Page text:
Altitude : 100
Shops and amenities: The city is well served with all shops and services including an international airport
Postcode : 11000
Sites of Interest
The town’s area is about 65 km2 (25 sq mi), which is significantly larger than the numerous small towns in the department of Aude. The rivers Aude, Fresquel and the Canal du Midi flow through the town.
The Cité de Carcassonne is a medieval citadel located in the French city of Carcassonne. It is located on a hill on the right bank of the River Aude, in the south-east part of the city proper.
- The fortified Cité
- Pont Marengo
- The Basilica of Saints Nazarius and Celsus
- The Carcassonne Cathedral
- Church of St. Vincent
Activities and Economy
Tourism – Carcassonne receives about three million visitors annually.
Festival de Carcassonne – arts and music festival in July where many events are free and take place at locations around the city
There are so many World heritage sites in Occitanie that it’s easy to become blasé about them. However, few stand out like La Cité de Carcassonne. Looming over the modern city the restored walled citadel dominates the views, whether from the A9 passing by, or walking through the ‘old town and it’s regular layout and open ‘places’.
The first signs of settlement in the Carcassonne region have been dated to about 3500 BC, but the hill site of Carsac – a Celtic place-name that has been retained at other sites in the south – became an important trading place in the 6th century BC.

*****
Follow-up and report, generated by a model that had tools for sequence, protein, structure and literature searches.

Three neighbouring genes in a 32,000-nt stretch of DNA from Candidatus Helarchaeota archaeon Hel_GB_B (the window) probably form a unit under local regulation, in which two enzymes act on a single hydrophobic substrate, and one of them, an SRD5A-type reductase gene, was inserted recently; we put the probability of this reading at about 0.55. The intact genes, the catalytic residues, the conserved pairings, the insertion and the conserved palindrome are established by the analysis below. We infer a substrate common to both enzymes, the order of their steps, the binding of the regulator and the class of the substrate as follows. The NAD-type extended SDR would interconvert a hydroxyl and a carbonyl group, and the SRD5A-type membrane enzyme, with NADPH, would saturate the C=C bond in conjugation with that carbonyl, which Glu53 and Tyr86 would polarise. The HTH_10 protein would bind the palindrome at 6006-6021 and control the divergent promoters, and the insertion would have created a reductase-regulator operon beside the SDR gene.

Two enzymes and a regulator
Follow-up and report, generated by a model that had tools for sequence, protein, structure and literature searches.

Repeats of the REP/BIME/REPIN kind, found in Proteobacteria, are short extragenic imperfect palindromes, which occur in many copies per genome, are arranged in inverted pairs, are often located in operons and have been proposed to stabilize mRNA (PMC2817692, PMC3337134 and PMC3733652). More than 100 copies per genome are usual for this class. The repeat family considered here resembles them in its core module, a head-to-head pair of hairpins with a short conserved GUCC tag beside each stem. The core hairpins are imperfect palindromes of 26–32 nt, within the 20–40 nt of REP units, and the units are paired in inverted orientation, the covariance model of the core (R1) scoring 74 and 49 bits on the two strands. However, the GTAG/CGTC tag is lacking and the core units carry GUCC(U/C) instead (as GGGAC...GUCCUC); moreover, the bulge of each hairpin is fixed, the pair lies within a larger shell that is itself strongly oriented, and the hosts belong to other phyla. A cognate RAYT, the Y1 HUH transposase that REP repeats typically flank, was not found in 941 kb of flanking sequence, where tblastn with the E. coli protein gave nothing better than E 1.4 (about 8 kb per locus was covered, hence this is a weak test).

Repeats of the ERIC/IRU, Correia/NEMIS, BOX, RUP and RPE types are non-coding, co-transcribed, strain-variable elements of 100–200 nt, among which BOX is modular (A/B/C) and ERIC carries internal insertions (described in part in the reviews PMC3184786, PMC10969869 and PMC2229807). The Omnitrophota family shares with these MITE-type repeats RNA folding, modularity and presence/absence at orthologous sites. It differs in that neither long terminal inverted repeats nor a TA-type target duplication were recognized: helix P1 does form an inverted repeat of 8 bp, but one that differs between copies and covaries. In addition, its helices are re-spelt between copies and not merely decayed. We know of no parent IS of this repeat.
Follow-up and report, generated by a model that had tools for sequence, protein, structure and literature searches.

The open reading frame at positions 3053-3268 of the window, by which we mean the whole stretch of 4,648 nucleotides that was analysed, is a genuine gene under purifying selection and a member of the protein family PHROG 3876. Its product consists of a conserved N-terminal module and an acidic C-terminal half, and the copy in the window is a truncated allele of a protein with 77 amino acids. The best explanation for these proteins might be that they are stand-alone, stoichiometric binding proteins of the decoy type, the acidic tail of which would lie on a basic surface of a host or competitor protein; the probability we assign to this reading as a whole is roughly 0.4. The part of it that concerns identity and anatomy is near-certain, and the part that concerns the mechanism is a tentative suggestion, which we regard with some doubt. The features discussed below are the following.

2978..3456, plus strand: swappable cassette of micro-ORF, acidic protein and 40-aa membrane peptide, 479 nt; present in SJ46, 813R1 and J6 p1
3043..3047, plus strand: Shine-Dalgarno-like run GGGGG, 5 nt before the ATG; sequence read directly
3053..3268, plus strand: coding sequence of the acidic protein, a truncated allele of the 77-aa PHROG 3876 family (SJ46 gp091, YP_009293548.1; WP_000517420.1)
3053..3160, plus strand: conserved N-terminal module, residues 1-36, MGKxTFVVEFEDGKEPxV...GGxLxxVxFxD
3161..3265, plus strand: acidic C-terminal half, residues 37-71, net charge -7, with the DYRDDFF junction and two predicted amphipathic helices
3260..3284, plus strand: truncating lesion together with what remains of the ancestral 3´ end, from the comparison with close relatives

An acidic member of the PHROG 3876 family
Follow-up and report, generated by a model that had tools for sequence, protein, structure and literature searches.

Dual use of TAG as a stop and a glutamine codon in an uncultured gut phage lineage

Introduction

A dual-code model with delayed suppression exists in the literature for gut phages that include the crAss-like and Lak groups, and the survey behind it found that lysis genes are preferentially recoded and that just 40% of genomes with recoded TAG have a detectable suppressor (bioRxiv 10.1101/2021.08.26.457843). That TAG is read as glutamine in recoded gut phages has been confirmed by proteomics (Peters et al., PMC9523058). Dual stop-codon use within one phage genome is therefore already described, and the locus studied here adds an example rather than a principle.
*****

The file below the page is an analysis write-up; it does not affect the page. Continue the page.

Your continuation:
The folk etymology – involving a châtelaine named Lady Carcas, a ruse ending a siege, and the joyous ringing of bells (“Carcas sona”) – though memorialized in a neo-Gothic sculpture of Mme. Carcas on a column near the Narbonne Gate, is of modern invention. The name can be derived as an augmentative of the name Carcas.
Carcassonne became strategically identified when the Romans fortified the hilltop around 100 BC. In 462 the Romans officially ceded Septimania to the Visigothic king Theodoric II who had held Carcassonne since 453. He built more fortifications at Carcassonne, which was a frontier post on the northern marches – traces of them still stand.
Carcassonne became famous for its role in the Albigensian Crusades when the city was a stronghold of Occitan Cathars. In August 1209 the crusading army forced its citizens to surrender. Viscount Raymond-Roger de Trencavel was imprisoned whilst negotiating his city’s surrender and died in mysterious circumstances three months later in his own dungeon. The people of Carcassonne were allowed to leave – in effect, expelled from their city with nothing more than the shirt on their backs. Simon De Montfort was appointed the new viscount and added to the fortifications.
The city submitted to the rule of the kingdom of France in 1247. Carcassonne became a border fortress between France and the Crown of Aragon. King Louis IX founded the new part of the town across the river. He and his successor Philip III built the outer ramparts. Contemporary opinion still considered the fortress impregnable. During the Hundred Years’ War, Edward the Black Prince failed to take the city in 1355, although his troops destroyed the Lower Town.
In 1659, the Treaty of the Pyrenees transferred the border province of Roussillon to France, and Carcassonne’s military significance was reduced. Its fortifications were abandoned and the city became mainly an economic center that concentrated on the woollen textile industry, for which a 1723 source quoted by Fernand Braudel found it “the manufacturing center of Languedoc”. It remained so until the Ottoman market collapsed at the end of the eighteenth century, thereafter reverting to a country town.